Barack Obama’s second prime-time news conference as president, held in the East Room of the White House just six weeks after the first, did not provide new, meaty policy prescriptions or one-liners that make for good television. But it did further the sense that, in America, there is a man in charge, and he—to borrow from a zinger he let rip on one nagging CNN reporter—“knows what he’s talking about.”

Those who have questioned Obama’s “overexposure” should by now have realized that the president is in the business of leapfrogging inner-Beltway protocol and addressing the American people directly. This time around, the president even allowed follow-up questions from the press corps—another nod to transparency that provided for a bit more clash. On more than one occasion, Obama stood up for himself in the face of confrontational rebuttals and proved himself to be as thoughtful and expansive a thinker as we've come to expect—especially in the wake of the intellectually flat-footed President George W. Bush.

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Reporters focused primarily on the state of the economy and the president’s budget, which faces a vote in Congress by month’s end. At the end of his remarks—trying to soothe both markets and worried families—he compared the United States, with its complex, often frustrating impediments to legislative action and political reform, to a lumbering ocean liner: “It’s not a speedboat,” he said. “It doesn’t just turn around right away.” (That much could also be said of the president's sometimes lugubrious, repetitive speaking style.)

Still, Obama managed to squeeze in the list of his budgetary priorities (“expectations”) no less than six times: Health care reform, energy action, investments and reforms in education, and an attempt to crack down on long-term government expenditures anchored his directive to the Democratic-led Congress. The real question in weeks ahead is whether the vote on the budget will be framed as a part of the reconciliation process, which bypasses a potential filibuster, or standard procedure, which would require the same, stubborn 60 votes in the Senate. (Ezra Klein has a good rundown here.)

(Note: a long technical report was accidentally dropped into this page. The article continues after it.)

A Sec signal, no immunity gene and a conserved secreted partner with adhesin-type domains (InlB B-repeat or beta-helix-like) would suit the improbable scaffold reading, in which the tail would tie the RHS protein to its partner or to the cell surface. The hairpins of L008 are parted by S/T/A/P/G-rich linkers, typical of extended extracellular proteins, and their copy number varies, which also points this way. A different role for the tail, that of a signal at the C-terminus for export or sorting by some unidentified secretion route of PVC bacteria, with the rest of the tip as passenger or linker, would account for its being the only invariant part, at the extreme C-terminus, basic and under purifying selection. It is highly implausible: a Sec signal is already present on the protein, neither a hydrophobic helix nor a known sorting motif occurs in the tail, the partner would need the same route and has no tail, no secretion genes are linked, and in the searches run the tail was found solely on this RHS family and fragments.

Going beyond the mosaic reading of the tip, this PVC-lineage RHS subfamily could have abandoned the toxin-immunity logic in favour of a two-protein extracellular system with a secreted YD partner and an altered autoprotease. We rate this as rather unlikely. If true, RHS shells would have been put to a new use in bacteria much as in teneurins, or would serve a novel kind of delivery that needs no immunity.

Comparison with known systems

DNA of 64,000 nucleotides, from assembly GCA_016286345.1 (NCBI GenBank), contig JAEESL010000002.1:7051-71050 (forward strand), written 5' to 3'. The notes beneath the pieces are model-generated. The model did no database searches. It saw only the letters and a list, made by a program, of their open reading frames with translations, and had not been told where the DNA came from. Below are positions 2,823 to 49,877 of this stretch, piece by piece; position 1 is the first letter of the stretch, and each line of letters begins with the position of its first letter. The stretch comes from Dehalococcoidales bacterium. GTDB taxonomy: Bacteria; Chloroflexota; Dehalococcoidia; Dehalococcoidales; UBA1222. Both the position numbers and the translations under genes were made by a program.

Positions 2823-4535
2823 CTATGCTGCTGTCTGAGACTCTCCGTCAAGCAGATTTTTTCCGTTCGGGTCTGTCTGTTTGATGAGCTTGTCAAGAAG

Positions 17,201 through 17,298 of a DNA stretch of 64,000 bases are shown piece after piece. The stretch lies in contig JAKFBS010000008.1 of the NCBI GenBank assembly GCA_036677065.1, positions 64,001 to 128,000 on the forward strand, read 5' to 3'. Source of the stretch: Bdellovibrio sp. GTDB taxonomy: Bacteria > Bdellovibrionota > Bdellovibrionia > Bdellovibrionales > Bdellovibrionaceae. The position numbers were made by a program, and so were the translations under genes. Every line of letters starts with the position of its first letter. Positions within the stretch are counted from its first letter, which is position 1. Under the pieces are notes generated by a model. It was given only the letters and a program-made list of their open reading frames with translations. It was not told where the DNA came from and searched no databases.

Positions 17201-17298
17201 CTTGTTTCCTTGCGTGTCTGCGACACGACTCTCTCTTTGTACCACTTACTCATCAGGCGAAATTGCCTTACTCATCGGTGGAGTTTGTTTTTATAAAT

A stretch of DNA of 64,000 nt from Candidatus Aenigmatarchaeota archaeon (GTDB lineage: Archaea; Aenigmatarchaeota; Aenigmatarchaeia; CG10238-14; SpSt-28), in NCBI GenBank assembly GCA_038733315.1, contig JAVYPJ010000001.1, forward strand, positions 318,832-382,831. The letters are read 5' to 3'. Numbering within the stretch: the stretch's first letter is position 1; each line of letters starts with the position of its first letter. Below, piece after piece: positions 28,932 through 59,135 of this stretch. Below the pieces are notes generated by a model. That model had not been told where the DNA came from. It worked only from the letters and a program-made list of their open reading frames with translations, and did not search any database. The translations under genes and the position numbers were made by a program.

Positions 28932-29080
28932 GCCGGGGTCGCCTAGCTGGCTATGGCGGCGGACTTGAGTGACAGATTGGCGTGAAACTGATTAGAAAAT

Congressional arcana aside, Obama’s calmly progressive agenda is practically a revolution given the American political climate in recent years: "At the end of the day, the best way to bring our deficit down is not with a budget that continues the very same policies that have led to a narrow prosperity and massive debt. It’s with a budget that leads to broad economic growth by moving from an era of borrow and spend to one where we save and invest."

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In a climate where the Dow swings and frantic mattress-stuffing continue apace, it is strange to hear a president speak so confidently about investment. But, that sentiment—explained repeatedly and well—is driving the White House's actions on the big three progressive asks and is proof that elections have consequences. At one point, he tweaked his opponents for not presenting an alternative to his budget because "they know that the biggest driver of long-term deficits are the huge health care costs out there that we’re going to have to tackle." That’s right—the notion that health care is a major crisis is, in Obama’s Washington, the point of departure for political debate.

With that, Obama signaled that the American ocean liner may be just as big, and have just as many moving parts as it used to, but that the ocean itself is entirely different.

From the fluency with economic policy to the different stripes of reporters called upon, it may be that the once unthinkable has become routine at the White House. Obama said as much in response to a question about the role race has played in the 60 days of his presidency. “Right now, the American people are judging me exactly the way I should be judged,” he said, noting that inaugural-era congratulations on racial progress "lasted about a day." Just as we've come to accept, without much fanfare, the walking and talking and yes, lecturing of a black president, we may come to expect a regular adult presence on American television screens, boldly explaining that the government is ready for action, and that a little patience—or, to borrow Obama's diction, "persistence"—goes a long way.

—DAYO OLOPADE

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Covers the White House and Washington for The Root. Follow her on Twitter.